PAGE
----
South Bay Momentum Continues Into Third Quarter

South Bay market rental rates exhibited growth for the 19th time in 20 quarters. Vacancy dropped from 15.8% to 15.7% on the strength of move-ins in LAX/Los Angeles/Westchester, Long Beach Airport/Lakewood and 190th Street Corridor. About 45,200 square feet of product remains under construction and is expected to deliver by the end of the year. Leasing activity closed almost to last quarter’s total, recording 706,400 square feet. Investment activity dropped from last quarter’s total volume of $310.6 million to $106.4 million. Future demand, high-quality space and discounted rental rates compared to West Los Angeles will continue to attract a variety of media, technology, defense and consumer product tenants.

 

The overall vacancy rate for the South Bay market increased by 10 basis points. Deliveries of vacant speculative space tempered Class B gains. Vacancy was down 570 basis points since the same period four years ago, proof of the success the South Bay market has seen during the current cycle. Healthy demand in LAX/Los Angeles/Westchester and 190th Street Corridor drove vacancy rates down in those markets. Absorption for the South Bay recorded positive for the quarter at 128,200 square feet. Coworking and executive suite tenants continued to occupy square footage in the South Bay market, with WeWork agreeing to lease nearly 1000,000 square feet at Starwood Capital’s PCT complex. In the same building, Premier Office Centers renewed their current footprint of 18,200 square feet. Among the major move-ins for the quarter were transportation startup Tesloop subleasing 33,300 square feet at 12955 S. Chadron Avenue in Hawthorne, as well as bioscience firm KitePharma expanding by 28,000 square feet on the Utah Campus in El Segundo.

 

Class A rents increased by $0.10, followed by increases of $0.09 and $0.05 for Class C and Class B, respectively. Five of the six South Bay submarkets experienced year-over-year rent growth exceeding 5%, highlighted by El Segundo/Beach Cities increasing by 10.3%. NSB Associates’ 80,000-square-foot Ascend Campus delivered this quarter, with several major companies looking at the property as a potential landing spot. Hackman Capital’s purchase of Northrup Grumman’s facility at 888 Douglas Street stands as the only major potential office project in the South Bay. Investment activity for properties over 25,000 square feet logged $106.4 million in volume across three transactions. After purchasing a former Raytheon site at 2030 E. Maple Avenue for $15.2 million in 2015, a joint venture of Steelwave and Goldman Sachs sold the renovated creative project to Atlas Capital for $39 million ($383 PSF). Named INSITE, the property was vacant at time of sale. In Downtown Long Beach, the Salvation Army sold 180 E. Ocean Boulevard to Thrifty Oil Company for $35.3 million ($164 PSF). Salvation Army, which occupied nearly three quarters of the building, will move out over the next two years.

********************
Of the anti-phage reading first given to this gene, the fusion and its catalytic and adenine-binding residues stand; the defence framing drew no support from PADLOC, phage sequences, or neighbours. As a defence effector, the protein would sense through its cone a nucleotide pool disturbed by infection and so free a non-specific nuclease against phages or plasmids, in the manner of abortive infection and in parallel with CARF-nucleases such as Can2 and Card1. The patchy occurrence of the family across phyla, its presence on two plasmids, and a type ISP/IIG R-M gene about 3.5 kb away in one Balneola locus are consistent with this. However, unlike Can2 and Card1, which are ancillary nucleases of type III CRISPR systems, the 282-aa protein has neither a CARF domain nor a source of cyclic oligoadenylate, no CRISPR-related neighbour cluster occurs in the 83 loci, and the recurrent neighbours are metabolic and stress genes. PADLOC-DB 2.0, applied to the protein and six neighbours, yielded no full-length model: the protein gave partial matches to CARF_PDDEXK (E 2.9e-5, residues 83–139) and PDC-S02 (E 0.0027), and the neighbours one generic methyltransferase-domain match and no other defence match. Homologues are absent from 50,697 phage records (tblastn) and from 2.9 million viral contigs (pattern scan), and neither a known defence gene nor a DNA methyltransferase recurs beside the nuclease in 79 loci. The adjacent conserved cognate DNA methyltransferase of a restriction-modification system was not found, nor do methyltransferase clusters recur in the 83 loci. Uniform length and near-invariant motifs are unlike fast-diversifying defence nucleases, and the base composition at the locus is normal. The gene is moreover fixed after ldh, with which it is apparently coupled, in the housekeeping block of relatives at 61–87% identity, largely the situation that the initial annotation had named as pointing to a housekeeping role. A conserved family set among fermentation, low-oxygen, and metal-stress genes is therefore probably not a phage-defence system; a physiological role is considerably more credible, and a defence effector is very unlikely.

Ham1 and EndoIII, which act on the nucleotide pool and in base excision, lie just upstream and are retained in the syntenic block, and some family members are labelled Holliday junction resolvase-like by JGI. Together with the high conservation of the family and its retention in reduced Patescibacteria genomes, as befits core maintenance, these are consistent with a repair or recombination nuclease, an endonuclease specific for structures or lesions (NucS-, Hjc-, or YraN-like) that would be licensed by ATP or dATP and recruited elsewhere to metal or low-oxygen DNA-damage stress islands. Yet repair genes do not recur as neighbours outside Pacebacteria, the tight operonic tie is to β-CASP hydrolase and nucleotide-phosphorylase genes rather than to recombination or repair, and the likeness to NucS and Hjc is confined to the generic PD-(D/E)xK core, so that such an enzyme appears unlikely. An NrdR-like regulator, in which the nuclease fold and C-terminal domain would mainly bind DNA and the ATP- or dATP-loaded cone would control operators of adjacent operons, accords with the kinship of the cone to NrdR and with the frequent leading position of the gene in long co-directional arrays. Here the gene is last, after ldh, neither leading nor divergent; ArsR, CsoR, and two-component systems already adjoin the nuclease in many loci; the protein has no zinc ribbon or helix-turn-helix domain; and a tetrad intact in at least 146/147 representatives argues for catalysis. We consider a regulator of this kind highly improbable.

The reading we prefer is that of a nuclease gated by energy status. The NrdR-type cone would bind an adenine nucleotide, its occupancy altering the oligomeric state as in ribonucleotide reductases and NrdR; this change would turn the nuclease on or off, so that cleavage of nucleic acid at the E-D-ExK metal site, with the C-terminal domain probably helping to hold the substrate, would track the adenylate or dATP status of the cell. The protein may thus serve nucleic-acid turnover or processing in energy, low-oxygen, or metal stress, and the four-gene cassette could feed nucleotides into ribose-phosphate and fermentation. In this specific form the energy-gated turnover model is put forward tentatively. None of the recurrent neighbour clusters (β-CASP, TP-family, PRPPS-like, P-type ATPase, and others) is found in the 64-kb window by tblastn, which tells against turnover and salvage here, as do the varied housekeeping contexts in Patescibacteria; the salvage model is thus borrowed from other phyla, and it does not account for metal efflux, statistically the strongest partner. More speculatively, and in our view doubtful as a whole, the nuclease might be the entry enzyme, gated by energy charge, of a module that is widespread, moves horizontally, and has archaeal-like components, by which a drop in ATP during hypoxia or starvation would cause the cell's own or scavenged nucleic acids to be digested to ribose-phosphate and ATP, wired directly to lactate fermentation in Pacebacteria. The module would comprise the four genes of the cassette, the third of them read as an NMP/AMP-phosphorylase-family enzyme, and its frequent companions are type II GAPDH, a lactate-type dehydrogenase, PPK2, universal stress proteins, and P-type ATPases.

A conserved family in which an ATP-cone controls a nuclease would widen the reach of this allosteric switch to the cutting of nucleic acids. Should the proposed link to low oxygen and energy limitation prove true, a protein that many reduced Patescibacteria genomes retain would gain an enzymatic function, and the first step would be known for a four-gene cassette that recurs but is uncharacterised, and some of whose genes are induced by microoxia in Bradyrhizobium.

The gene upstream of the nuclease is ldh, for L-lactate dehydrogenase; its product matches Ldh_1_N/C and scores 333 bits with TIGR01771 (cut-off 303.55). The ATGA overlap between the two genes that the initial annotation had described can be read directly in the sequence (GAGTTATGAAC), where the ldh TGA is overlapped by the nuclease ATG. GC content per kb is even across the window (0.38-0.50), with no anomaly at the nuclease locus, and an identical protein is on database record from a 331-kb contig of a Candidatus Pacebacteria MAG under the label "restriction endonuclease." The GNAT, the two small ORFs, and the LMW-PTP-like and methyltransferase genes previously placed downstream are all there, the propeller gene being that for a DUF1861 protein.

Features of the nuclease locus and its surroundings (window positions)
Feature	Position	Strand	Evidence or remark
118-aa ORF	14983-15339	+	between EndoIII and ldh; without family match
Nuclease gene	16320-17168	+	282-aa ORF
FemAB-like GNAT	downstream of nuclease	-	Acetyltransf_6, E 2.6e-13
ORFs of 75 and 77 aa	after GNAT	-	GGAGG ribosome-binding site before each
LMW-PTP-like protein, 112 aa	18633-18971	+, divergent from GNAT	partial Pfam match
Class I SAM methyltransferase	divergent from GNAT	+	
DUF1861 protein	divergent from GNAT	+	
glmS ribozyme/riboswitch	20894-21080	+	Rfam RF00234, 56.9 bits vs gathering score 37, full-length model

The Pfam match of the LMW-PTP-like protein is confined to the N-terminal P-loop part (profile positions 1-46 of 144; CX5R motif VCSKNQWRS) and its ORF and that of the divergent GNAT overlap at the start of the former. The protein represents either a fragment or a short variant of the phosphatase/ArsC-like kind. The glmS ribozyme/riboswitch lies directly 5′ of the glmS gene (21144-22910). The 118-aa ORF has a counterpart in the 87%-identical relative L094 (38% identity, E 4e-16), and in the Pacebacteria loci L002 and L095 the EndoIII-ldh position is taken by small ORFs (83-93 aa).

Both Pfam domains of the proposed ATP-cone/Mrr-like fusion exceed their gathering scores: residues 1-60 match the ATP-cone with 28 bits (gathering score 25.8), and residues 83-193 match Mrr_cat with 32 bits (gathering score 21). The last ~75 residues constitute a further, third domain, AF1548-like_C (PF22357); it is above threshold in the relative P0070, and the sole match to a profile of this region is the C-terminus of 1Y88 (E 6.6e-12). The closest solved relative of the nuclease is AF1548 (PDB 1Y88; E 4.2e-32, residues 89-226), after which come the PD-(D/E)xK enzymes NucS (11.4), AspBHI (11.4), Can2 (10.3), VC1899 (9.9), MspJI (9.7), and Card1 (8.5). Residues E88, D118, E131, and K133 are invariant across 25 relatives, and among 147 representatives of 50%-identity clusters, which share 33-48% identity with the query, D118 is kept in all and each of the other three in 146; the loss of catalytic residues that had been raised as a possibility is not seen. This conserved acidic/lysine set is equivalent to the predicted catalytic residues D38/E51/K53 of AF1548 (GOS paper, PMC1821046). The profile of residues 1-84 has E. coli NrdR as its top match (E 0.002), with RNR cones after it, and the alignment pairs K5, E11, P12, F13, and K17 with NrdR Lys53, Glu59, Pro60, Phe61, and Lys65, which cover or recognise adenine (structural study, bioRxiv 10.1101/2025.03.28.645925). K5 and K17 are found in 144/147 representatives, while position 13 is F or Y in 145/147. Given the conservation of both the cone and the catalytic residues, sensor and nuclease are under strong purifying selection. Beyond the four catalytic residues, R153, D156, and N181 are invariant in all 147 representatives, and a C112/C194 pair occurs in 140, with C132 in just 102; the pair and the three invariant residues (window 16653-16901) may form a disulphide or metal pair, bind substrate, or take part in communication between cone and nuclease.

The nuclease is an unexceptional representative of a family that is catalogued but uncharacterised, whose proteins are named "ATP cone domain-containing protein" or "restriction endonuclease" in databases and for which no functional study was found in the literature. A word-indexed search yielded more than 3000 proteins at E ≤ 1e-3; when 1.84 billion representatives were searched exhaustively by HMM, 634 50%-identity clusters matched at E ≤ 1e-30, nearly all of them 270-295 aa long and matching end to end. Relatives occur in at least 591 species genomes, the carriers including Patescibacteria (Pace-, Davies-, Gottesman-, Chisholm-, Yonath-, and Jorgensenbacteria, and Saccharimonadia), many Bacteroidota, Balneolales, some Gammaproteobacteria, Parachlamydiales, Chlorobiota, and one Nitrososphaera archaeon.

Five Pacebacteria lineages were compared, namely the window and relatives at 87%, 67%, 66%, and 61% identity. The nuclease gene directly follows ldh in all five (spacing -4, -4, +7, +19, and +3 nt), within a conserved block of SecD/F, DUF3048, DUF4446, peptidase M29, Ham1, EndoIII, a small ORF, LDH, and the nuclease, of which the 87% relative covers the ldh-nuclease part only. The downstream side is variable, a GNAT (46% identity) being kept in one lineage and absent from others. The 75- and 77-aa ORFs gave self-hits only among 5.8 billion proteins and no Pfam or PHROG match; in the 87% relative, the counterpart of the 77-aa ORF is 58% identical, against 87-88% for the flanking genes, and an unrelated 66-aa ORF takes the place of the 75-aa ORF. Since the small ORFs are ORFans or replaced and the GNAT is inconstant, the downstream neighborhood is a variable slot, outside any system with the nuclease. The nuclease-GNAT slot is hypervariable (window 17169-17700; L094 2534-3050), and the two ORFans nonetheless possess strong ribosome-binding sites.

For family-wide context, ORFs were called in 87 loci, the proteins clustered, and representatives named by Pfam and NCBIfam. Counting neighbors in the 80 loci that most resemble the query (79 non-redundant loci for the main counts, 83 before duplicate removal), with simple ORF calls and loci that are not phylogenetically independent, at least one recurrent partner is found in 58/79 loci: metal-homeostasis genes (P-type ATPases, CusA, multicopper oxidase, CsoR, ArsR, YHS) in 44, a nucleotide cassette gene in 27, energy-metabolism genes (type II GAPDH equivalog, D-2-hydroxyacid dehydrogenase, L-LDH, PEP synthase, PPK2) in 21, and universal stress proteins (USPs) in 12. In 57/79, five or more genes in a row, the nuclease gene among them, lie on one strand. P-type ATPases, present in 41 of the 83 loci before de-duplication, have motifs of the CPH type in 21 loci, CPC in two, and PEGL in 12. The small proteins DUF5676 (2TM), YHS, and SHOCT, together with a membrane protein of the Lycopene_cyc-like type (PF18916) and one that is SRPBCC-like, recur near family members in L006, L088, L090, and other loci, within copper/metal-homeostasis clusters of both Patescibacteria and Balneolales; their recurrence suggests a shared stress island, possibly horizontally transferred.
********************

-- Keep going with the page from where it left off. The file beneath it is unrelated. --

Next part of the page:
Key Takeaways:

  • Leasing activity continued to exhibit momentum in 2018, recording 706,400 square feet owing mainly to the El Segundo/Beach Cities submarket.

  • Average asking rents for the overall market continued to rise, scaling to $2.66 per square foot (PSF) full service gross (FSG) from $2.58 last quarter.

  • Class B vacancy benefited the most from modest demand this quarter, registering a 60-basis-point drop.

  • NSB Associates Ascend Campus delivered 80,000 square feet to the market, leaving 55,200 square feet remains under construction, all of which is slated to deliver by the end of 2018.

  • Sales activity continued to be robust with $106.4 million in transaction volume for the quarter. The trade of 2030 E. Maple Avenue in El Segundo from SteelWave to Atlas Capital was the highlight for the quarter.

Outlook:

The outlook for the South Bay market remains positive. Vacancy should decrease through late 2018, as a lessened construction pipeline and robust leasing activity in 2018 will counter subpar leasing velocity in 2017. Similar to West Los Angeles in the past couple of years, the South Bay has managed to defy rental rate expectations, routinely posting year-over-year growth in the 6%-8% range. The attractiveness of the market, both in terms of office inventory and quality of life, should continue leading to rising rates and declining vacancies. Heightened investor interest and activity will be seen across the whole market. In addition to core investment properties, value-add and creative conversion projects will remain part of the investment environment.

 

 Sustained velocity and some slowing in the construction pipeline will tighten South Bay market in the near future. In the near term, demand will lessen due to decreased leasing velocity in late 2017 and the first quarter of 2018. However, in what amounts to somewhat of a reversal of trends, shifting federal policies have also led to increased demand for defense/aerospace industry-specific build outs. After a period of measured rental growth in late 2016 and early 2017, South Bay rents have exceeded 5% growth in the last few quarters. This is expected to continue throughout 2018, particularly in secondary markets.

 

Construction will lag behind the boom the market saw in the past few years. However, all current projects, which account for 1% of all construction activity in the county, are due to deliver in the fourth quarter. The South Bay market has seen rising costs for industrial sites and obsolescent office inventory. The subsequent returns for those early into the market will continue to draw interest from investors, both local and institutional, in areas not traditionally known for office product.